communication among environmental public health agencies. An example of this effort is the increased communication between the local and state health departments, environmental health researchers, community partners, and finally, policy makers.
Goal VI (Create Strategic Partnerships): The collaborative nature of this project supports
creation of partnerships between the local health department and other organizations also working on Florida Red Tide issues. During this project, partnerships were created or strengthened with the Florida Fish and Wildlife Commission’s Research Institute, Healthy Gulf
Coalition, Sierra Club, Solutions to Avoid Red Tide (START), and the Mote Marine Laboratory.
Goal II (Support Research): This project seeks to support research through engagement of the community. Community education and information dissemination helps to increase support for environmental public health research related to Florida Red Tide.
Environmental Health Competency Project: Recommendation for Core Competencies for Local Environmental Health Practitioners:
This project supports the competency project primarily under the Communication Competencies of education and communication. Improving Florida Red Tide educational resources and communication between agencies is one of the primary goals of our Sarasota CHD collaboration. There is also support of the Management Competencies of problem solving, economic and political issues, and partnering. Florida Red Tide has caused significant economic impacts to Sarasota. Efforts to address Florida Red Tide issues requires problem solving, political awareness, and a willingness to partner. Finally, this project supports the Assessment Competencies of research, data analysis, and evaluation. The key to understanding, and ultimately having a positive effect on the health impacts of Florida Red Tide, is research and data analysis. As support grows for research, so too will the knowledge and understanding required for Florida Red Tide health interventions.
2007–2008 Fellow Project National Environmental Public Health Leadership Institute 203
Project Logic Model:
Lack of knowledge and understanding about the health impacts of Florida Red
Tide increases the occurrence of acute respiratory illness in residents and Long-Term Outcomes visitors of Sarasota County during near shore Florida Red Tide blooms. 90% of all residents and visitors in Sarasota County will avoid exposure to Florida Red Tide toxins during blooms. Goal The number of residents seeking treatment for acute All residents and visitors in Sarasota County will have: respiratory illness during Florida Red Tide blooms will be 1. Knowledge and understanding of the health risks associated with Florida Red Tide. reduced by 50%. Tourism will benefit, due to visitor 2. Access to reliable information on the status of current Florida Red Tide blooms in Sarasota County. confidence in availability of Florida Red Tide data.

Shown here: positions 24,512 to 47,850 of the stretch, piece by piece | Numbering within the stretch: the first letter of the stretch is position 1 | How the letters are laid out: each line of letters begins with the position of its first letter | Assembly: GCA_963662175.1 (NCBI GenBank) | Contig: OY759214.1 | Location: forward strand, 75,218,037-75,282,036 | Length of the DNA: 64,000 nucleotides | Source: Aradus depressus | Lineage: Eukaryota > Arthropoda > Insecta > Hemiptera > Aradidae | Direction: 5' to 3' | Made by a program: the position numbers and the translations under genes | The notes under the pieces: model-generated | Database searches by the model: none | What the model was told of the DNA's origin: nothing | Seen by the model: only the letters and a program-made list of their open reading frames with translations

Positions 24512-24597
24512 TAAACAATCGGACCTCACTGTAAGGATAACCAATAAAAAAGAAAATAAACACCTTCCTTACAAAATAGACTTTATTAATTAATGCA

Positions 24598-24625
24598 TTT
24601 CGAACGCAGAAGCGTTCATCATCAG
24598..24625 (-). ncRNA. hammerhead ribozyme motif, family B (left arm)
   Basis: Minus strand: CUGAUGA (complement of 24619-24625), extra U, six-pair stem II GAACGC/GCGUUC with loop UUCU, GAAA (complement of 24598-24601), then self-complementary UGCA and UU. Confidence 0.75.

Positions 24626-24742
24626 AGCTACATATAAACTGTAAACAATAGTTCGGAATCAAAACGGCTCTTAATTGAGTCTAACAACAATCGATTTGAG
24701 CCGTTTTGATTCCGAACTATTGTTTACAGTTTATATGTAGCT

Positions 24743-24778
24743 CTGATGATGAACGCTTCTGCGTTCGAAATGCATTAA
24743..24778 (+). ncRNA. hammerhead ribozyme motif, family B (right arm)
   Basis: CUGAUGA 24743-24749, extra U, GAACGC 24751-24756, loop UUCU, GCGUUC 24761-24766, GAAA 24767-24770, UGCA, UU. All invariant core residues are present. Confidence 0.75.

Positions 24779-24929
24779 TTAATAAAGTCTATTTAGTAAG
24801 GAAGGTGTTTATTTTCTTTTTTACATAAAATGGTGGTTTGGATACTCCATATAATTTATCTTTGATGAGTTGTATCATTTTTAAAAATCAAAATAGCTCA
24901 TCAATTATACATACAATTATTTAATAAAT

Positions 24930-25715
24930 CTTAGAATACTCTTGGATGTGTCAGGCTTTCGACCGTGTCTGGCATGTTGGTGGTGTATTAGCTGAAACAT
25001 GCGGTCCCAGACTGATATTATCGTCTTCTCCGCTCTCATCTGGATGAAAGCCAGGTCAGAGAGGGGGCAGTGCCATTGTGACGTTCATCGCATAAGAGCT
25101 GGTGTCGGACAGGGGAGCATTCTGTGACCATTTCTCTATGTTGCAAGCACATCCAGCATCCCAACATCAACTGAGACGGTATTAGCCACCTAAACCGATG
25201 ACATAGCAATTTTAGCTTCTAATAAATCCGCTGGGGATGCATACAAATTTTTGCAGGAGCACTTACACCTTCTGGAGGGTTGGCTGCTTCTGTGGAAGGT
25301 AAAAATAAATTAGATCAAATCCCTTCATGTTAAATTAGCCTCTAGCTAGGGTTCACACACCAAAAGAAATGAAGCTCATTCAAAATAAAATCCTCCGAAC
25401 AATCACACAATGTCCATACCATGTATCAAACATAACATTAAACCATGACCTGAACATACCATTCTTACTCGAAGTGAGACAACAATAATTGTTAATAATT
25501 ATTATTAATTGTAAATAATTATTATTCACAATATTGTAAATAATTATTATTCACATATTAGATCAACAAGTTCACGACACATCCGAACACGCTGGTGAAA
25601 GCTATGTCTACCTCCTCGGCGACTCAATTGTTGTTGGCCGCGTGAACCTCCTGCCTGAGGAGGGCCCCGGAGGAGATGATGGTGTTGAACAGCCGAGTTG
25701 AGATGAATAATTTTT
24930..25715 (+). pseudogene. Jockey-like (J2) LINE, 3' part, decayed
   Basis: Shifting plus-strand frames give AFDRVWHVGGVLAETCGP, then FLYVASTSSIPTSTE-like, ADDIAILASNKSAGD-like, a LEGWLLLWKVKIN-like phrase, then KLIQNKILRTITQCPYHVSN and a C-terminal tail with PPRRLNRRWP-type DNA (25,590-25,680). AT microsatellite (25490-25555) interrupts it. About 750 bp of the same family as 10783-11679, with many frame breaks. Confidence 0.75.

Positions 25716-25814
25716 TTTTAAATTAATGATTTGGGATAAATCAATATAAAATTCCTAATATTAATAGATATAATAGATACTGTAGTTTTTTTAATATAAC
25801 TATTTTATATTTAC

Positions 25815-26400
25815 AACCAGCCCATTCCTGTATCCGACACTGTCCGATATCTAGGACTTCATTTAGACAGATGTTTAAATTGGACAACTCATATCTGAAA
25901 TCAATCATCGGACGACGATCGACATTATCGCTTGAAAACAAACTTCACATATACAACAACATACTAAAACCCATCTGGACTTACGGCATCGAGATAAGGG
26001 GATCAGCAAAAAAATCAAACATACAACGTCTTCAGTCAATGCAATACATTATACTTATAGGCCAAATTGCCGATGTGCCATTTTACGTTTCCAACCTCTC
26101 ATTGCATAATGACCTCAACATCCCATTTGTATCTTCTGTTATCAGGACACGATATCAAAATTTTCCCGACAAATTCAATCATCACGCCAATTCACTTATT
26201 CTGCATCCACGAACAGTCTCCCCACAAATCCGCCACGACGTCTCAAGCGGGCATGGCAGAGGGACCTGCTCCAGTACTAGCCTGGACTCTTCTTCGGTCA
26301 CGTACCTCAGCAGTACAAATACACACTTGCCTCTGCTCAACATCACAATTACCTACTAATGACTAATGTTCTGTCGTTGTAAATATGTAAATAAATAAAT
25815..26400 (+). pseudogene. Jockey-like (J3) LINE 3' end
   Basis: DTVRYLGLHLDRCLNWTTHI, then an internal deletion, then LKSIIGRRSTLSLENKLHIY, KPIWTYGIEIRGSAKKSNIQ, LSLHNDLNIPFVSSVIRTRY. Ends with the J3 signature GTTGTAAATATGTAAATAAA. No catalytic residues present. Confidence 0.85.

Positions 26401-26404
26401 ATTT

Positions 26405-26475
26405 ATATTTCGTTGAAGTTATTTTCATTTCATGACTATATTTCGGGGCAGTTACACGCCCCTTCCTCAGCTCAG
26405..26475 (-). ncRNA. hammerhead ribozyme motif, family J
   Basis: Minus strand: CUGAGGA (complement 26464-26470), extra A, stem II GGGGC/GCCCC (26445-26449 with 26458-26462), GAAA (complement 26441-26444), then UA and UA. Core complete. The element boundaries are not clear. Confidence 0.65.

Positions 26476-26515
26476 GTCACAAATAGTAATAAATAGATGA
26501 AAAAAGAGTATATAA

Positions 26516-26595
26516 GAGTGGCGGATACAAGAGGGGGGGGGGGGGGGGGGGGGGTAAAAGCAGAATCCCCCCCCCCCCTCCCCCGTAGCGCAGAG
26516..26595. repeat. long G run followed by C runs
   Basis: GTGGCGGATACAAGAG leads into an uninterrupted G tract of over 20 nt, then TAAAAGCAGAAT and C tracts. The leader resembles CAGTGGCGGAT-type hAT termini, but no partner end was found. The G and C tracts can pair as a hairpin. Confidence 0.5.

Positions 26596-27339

Rationales Resources Activity Groups Outputs
Intermediate-Term Outcomes Part time Technology exists to assistance from 3 monitor inshore Florida Recruit new 1. The community will note a EH Division staff (2 Facilitation Red Tide blooms and community partners decrease in acute respiratory Environmental provide near real-time by August, 2007. illness associated with Specialists & 1 information to residents Coordinate & plan Florida Red Tide blooms. Environmental and visitors in Sarasota meetings with 2. Standardized data Administrator). County. If individuals partners quarterly. Short-Term Outcomes reporting and sharing. have accurate real-time Participation from Weekly Florida Red information, they can multiple community tide sampling for 16 make informed decisions Data Collection Assumptions partners. (Key beaches. Acute about which beaches to participants respiratory illness avoid and/or types of include: Mote data collected and activities to avoid in Buy-in from major stake Marine Research reviewed quarterly. impacted areas. holders. Center, Sarasota Distribute Florida Red Visitors Bureau, Tide materials to all Outreach/Education. Because Florida Red Regular data analysis. and Solution to coastal area lodging Tide is unlikely to impact Avoid Red Tide, facilities. Make the all of Sarasota's 34 miles START). same material of beaches, visitors and Increased availability of Funding for available residents can still enjoy Florida Red Tide information. educational electronically on each beach activities if they material and real- partner’s website. know where to go. time notice Plan to post warning Evaluation systems. Amount signs at impacted